For individuals that struggle with anxiety, adding the “extra layer” of addiction on top of it can be overwhelming. This is a common phenomenon - co-occurring disorders occur in most people who struggle with addiction. It is unknown which comes first because mental health disorders and addiction can affect each other and worsen symptoms, trapping the person in a constant destructive cycle. Understanding how addiction impacts anxiety can help individuals currently struggling realize that their temporary fixes will cause more damage over time by worsening symptoms. This can give hope and prompt these individuals to seek treatment.
First and foremost, it is essential to define the term “anxiety.” It is often used quite loosely by the general public. Having anxiety or an anxiety disorder is diagnosed by examining a history of specific symptoms. It is possible to experience anxiety without having an anxiety disorder. This is because anxiety is how your body naturally responds to stress or overwhelming situations to brace for what is to come. However, prolonged anxiety over a couple of months could point to anxiety disorder. There are different types of anxiety disorders, including:
- Obsessive-compulsive disorder (OCD)
- Panic disorder
- Social anxiety disorder
- Post-traumatic stress disorder (PTSD)
- Separation anxiety disorder
- Illness anxiety disorder
Any one of these disorders can be diagnosed if you have had symptoms that are particular to anxiety over several months. These symptoms include:
- Rapid breathing
- Raised heart rate
- Muscle tension
- Racing thoughts
- Problems focusing
- Chest pain
- Dry mouth
Anxiety and Addiction
Many people that have an anxiety disorder often look for outlets to escape their symptoms. For those that are unaware of healthier ways to cope, many unfortunately turn to drugs and alcohol as a means to escape. The symptoms of anxiety can be overwhelming and even frightening, and drugs and alcohol can make an easy coping method. However, this can have destructive consequences by worsening the anxiety symptoms over time; this occurs because of how addiction impacts your brain.
Withdrawal symptoms from not using a substance can cause you to crave it each time you try to quit. Your brain may begin to unnecessarily worry because it knows it will be “rewarded” with drugs or alcohol to stop the anxious thoughts. You may also become anxious because you are worried you won’t be able to use again soon. Over time, you will become dependent on these substances, causing you to prioritize them over everything in your life. Your anxiety symptoms may continue to worsen, so you increase the amount of drugs or alcohol you consume as a means to achieve the desired effects. This causes your body to crave them more and experience more severe withdrawal symptoms. When this occurs, you become trapped in the cycle of obsession and compulsion that is addiction.
Treating Anxiety and Addiction
Because of the high levels of co-occurring anxiety and addiction disorders in the United States, many facilities are equipped to treat both of them simultaneously. Anxiety and addiction are some of the most frequent psychiatric problems in the U.S. This means that treatment options must be widely available to help those currently struggling. Treating both disorders is essential, as it helps keep individuals from relapsing later on.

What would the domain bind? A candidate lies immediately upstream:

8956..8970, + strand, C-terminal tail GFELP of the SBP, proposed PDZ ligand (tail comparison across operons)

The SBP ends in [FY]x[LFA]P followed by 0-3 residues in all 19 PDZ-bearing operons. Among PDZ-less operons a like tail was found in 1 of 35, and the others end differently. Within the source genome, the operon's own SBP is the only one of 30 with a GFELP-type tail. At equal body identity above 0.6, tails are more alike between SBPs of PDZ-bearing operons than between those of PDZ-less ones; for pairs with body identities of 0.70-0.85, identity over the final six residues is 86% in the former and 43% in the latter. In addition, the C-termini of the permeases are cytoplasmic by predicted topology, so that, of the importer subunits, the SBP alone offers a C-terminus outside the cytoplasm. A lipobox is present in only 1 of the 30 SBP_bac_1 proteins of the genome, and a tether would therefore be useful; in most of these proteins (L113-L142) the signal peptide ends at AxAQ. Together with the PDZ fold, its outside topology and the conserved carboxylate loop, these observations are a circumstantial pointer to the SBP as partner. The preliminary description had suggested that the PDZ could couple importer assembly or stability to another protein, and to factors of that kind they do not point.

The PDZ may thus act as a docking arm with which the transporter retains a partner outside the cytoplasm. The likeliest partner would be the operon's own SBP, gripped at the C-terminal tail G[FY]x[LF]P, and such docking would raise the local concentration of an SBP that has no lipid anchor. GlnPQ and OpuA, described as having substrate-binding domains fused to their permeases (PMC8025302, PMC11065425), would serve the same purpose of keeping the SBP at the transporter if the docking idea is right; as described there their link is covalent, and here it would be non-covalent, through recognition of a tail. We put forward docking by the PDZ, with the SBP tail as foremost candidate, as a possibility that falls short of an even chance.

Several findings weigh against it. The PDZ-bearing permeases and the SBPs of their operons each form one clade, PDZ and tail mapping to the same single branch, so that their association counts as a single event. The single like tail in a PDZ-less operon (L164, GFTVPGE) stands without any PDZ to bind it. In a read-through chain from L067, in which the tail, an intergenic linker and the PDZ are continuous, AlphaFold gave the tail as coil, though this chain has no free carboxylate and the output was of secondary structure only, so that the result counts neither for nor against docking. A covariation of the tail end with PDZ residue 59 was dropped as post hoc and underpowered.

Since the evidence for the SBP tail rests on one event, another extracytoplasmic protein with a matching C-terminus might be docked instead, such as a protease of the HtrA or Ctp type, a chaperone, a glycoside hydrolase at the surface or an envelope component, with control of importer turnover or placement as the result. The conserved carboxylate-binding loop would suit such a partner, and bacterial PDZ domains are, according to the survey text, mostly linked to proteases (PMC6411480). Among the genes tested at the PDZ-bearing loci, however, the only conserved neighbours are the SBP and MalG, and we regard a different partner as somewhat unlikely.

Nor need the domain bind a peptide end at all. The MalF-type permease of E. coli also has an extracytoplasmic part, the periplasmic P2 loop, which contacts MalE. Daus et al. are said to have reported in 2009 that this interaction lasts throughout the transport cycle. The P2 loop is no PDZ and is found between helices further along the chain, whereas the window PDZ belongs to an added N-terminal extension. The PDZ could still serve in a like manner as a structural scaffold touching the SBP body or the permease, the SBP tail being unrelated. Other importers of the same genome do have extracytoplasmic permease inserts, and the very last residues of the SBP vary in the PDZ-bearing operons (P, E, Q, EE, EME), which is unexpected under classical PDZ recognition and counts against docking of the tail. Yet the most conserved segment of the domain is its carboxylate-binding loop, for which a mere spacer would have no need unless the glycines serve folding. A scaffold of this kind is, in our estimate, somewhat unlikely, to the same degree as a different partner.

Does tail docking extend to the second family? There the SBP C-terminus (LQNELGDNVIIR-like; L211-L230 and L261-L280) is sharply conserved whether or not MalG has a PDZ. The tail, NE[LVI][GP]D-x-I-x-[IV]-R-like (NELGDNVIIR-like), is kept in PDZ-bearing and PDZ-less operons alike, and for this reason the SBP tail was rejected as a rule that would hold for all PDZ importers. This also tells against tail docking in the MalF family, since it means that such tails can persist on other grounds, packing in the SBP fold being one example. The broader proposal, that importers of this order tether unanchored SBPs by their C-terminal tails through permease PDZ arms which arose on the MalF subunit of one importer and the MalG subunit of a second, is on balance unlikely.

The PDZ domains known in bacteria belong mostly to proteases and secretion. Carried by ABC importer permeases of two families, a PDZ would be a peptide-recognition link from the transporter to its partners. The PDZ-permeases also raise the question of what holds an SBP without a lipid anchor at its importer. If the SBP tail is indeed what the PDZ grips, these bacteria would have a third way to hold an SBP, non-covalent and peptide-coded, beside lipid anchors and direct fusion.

It is crucial to treat addiction and any co-occurring disorders simultaneously to give the individual the best chance at recovery. By only addressing the concerns of addiction, the person is more likely to relapse in the future because the underlying issues are still unresolved. Addressing both issues simultaneously helps heal the whole person and gives them perspective on why they began using drugs and alcohol in the first place. This way, they can manage their symptoms through various coping techniques that apply to both anxiety disorders and triggers for addiction.
When it comes to treating co-occurring disorders, a combination of therapy, medication, and self-care is often used. Treatment programs will usually include detoxification, various therapies, holistic practices, relapse prevention, and aftercare. Some therapies used include cognitive-behavioral therapy (CBT), somatic therapy, dialectical behavioral therapy (DBT), family therapy, motivational interviewing, individual and group therapy, and various experiential therapies. Over time, these will help the person identify and overcome the underlying roots of their addiction to manage symptoms later on.
Following treatment, aftercare services are provided to ensure the person is set up for success in their new life of sobriety. Aftercare will ensure they are properly equipped with coping skills, relapse prevention, and in contact with other sober individuals for support.
Anxiety and addiction often go hand in hand. Unfortunately, the two disorders can make each other worse over time. This is how many individuals become stuck in the cycle of worsening anxiety and addiction, causing them to have to seek help eventually to protect themselves and their health. Because of the prevalence of co-occurring anxiety and addiction disorders, various facilities across the United States treat them both simultaneously. One such facility is NorthStar Transitions in Boulder, Colorado. NorthStar is committed to helping its clients heal from mental health and addiction disorders through various evidence-based treatment modalities tailored to each person’s treatment needs. NorthStar knows that treating these disorders simultaneously gives their clients a better chance at maintaining sobriety in the future. Of course, clients are always welcome back should they ever need extra support in their recovery. Call us today to start your recovery journey at (303) 558-6400. Healing begins at NorthStar.